Sorry for the abbreviated review. I left out pretty much all of the plot and character analysis, but these were my initial thoughts after finishing the film. I just never got around to finishing it. Now, weeks later, it’s too late to add more plot and character analysis without a rewatch. Bottom line: you should definitely watch *Us*. Jordan Peele continues to impress as a writer and director.
Not too long ago, I wrote up a review of The Bad Batch that complained about when filmmakers make all sorts of awful contortions for the sake of allegory. What makes allegory so appealing for artists is that, when done well, the end result feels weighty, intellectual, and important. What happens when one tries to be weighty, intellectual, and important and misses the mark? Well, that’s the textbook definition of pretentious, making allegory the ultimate high-risk/high-reward form of writing.
No one has better capitalized on allegory than Jordan Peele, and Us provides a great example of why. I did not find Us enjoyable to watch. It’s unsettling. It’s somewhat entertaining, but only somewhat. The characters aren’t really the best. But the allegory makes the film. It’s not a sort of jigsaw puzzle one must piece together from scraps of allusions and obscure references. Us invites viewers to mull over its themes and consider various real life parallels. Great allegory neither requires great powers of interpretation nor does it give the answer to the test. Instead, great allegory compels the audience to ask important questions.
In many ways, the plot of Us functions like a Stephen King plot. I thought I had once read that Stephen King is indifferent to coherent explanations for horror. I tried to find a citation for this but came up empty (it might be from one of his books on writing, Danse Macabre or On Writing). Regardless of where I got the idea, it explains the antagonist forces in King’s writing. They often don’t make sense, but they don’t make sense in the way that nightmares and irrational fears don’t make sense. The things that cannot be explained often cause the most fear.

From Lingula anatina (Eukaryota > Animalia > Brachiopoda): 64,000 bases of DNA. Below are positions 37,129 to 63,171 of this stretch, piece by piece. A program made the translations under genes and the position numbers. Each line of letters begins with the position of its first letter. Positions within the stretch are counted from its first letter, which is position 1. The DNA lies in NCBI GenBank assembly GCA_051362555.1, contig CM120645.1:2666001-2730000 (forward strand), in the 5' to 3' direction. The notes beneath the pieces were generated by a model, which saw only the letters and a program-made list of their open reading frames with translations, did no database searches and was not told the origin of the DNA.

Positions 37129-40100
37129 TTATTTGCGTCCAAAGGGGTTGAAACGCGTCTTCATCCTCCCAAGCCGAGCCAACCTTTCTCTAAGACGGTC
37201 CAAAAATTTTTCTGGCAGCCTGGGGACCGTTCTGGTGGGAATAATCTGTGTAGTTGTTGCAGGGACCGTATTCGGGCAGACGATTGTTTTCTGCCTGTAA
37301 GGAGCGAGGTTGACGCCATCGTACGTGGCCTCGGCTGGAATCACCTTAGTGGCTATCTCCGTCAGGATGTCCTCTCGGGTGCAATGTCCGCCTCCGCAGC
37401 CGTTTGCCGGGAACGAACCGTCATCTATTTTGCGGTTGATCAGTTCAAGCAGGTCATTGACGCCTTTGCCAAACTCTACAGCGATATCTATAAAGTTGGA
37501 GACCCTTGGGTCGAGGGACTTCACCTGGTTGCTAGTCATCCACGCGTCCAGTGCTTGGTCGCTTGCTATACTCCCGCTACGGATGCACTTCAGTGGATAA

Jordan Peele also creates monsters that don’t make sense. As a filmmaker, pulls the audience into nightmares, focusing on the immediate terror of the characters. Then, when all is over and you may be tempted to consider why things don’t make sense, instead you have the allegory to mull over. Because the allegory fits so well—because it’s so apparent without appearing overly contrived—he’s immediately forgiven for any breakdown in story logic.
Even though I didn’t necessarily enjoy the process of watching Us, I walked away considering its many implications. It has a big twist at the end that I predicted early in the film, but it didn’t lessen the impact. That’s because, like with the rest of the film, the twist didn’t exist for mere shock value. The twist extended the allegory, forcing the audience to ask more uncomfortable questions.
There’s a common misconception—especially among Academy Award voters—that big emotions make for an “art” film. Bring the audience to tears? That’s art! Personally, I don’t think anyone makes better “art films” than Jordan Peele. They stick with you long after the ending credits, forcing you to consider their many implications. Us demonstrates the power of allegory to make an audience buy in to a seemingly ridiculous plot.